•    The southern terminal Sai Tai Taling Chan – has buses to southern destinations like Krabi, which takes around 13 hours, Koh Samui and Phuket. Bus tickets to the islands include boat transfers

bus pattaya

Local transport in Thailand

Thailand has a range of local transport options which are generally cheap and allow you to travel with local people and experience a taste of Thai life. Here are the most common options:

•    Ferries – are reliable and cheap, with regular routes to the islands off the Gulf and Andaman coasts
•    Longtail boats – wooden longtail boats can be hired for a fixed price and are good for short hops between island clusters or beaches
•    Songthaews – are open-ended vans with bench seats that drive around cities picking up passengers along the way. Journeys usually cost a fixed fee from as little as 20 Baht
•    Public buses – are very cheap and popular with locals, but the journeys can also be long with many stops
•    Motorbike taxi – a less-common option but a cheap way to hop short distances
•    Tuk tuks – are three-wheeled, open-sided vehicles and a traditional Thai method of transport. Drivers usually charge a fixed price, so journeys can be expensive
•    Taxi – metered taxis exist all over Thailand and are easy to hail, this is usually a cheaper option than a tuk tuk
•    Samlors – are three-wheeled bicycles with a small passenger cart. Samlors are still used in small towns and rural parts of the country and can be less expensive than tuk tuks and taxis

water taxi krabi

Top tips for travelling around Thailand

Whatever means of transport you use in Thailand, here are some top tips to ensure your journeys run smoothly:

•    Book tickets in advance to get the best prices and seats, particularly when it comes to securing internal flights. In peak season, tickets can run out fast, particularly for overnight trains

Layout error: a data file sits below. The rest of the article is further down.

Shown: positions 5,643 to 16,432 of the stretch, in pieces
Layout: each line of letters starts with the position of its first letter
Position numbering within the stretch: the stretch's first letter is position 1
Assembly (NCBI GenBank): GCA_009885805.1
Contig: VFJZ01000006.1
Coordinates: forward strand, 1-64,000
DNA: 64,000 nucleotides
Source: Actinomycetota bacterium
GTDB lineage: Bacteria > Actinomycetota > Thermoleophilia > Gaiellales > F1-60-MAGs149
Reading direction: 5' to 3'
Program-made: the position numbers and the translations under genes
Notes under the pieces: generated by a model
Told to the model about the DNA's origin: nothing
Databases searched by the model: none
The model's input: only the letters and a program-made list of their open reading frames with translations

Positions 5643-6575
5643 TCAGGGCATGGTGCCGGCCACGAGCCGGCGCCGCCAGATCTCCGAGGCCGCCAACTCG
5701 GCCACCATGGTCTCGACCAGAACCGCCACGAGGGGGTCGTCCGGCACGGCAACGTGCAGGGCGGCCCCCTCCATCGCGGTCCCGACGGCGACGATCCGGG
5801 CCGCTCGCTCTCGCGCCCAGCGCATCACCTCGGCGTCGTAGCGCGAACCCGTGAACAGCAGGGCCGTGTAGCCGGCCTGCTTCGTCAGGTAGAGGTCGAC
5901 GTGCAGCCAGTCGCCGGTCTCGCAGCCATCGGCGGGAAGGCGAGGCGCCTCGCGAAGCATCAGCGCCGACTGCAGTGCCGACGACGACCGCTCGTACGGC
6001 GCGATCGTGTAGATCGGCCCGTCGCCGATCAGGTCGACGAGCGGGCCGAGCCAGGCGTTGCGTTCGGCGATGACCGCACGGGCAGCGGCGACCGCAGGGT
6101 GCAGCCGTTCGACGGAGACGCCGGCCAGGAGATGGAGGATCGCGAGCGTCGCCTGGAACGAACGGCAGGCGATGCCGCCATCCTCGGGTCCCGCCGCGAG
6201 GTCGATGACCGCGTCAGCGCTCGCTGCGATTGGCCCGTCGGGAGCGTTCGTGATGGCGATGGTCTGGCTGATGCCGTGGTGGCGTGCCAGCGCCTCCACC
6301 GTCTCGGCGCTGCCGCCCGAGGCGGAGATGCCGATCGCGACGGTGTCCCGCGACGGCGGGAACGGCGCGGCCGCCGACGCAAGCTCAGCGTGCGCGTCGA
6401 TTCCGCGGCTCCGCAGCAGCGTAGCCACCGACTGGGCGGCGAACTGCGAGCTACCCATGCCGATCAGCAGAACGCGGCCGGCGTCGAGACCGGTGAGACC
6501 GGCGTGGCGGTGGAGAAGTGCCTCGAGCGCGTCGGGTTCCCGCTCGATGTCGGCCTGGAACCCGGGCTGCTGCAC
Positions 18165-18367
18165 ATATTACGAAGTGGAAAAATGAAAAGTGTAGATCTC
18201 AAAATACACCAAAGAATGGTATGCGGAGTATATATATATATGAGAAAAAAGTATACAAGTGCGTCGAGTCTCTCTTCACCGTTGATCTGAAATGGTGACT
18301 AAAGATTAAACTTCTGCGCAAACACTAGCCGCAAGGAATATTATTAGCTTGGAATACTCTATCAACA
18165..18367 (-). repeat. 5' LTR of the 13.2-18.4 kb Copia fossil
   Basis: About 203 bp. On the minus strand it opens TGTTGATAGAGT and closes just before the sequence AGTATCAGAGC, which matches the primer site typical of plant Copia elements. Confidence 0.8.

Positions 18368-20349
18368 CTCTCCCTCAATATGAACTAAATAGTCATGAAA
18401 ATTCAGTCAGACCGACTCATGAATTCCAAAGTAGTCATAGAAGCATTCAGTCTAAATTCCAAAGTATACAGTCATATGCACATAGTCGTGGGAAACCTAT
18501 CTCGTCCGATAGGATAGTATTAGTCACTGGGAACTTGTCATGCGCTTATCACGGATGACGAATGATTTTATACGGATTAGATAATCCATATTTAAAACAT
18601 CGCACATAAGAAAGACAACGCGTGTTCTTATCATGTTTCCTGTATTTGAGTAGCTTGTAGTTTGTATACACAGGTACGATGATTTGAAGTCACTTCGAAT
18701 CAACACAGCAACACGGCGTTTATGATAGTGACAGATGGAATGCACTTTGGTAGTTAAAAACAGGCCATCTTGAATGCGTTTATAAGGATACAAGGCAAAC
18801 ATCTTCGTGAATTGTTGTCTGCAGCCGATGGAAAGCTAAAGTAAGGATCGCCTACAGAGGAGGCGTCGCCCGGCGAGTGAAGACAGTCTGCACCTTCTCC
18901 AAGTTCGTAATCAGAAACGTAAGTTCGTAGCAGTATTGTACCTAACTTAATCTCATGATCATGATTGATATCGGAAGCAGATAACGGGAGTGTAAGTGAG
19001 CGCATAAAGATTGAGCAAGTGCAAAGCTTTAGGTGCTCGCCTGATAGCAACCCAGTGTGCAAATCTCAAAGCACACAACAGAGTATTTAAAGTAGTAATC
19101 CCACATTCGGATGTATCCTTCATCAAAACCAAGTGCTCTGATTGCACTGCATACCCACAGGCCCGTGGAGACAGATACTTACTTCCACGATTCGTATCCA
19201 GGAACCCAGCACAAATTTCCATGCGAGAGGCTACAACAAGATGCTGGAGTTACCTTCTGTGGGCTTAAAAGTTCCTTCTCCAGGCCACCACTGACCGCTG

•    Always ask taxi drivers to use the meter and refuse inflated, fixed-price fares
•    Keep any valuables with you, don’t put them in the luggage hold where they can be lost or stolen. Always keep a copy of the photo page in your passport, this makes it easier to get a replacement if yours goes missing
•    Book journeys through a reputable hotel for security and convenience
•    Opt for air conditioned transport and always carry water with you to cope with the heat and humidity.  However, it’s worth taking a light jumper or scarf with you on trains and buses, as the air con can get fierce on long journeys
•    Agree prices for tuk tuk, samlor and motorbike taxi journeys before you get on

friends exploring bangkok

We offer a fantastic range of multi centre holidays allowing you take in even more of Thailand’s startling natural beauty, golden coastline and fascinating cultural attractions.


Jill Maguire
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01 6649990 Call us 9am-7pm Mon-Fri / 9am-5pm Sat-Sun

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Jill Maguire
Call our travel experts now
01 6649990 Call us 9am-7pm Mon-Fri / 9am-5pm Sat-Sun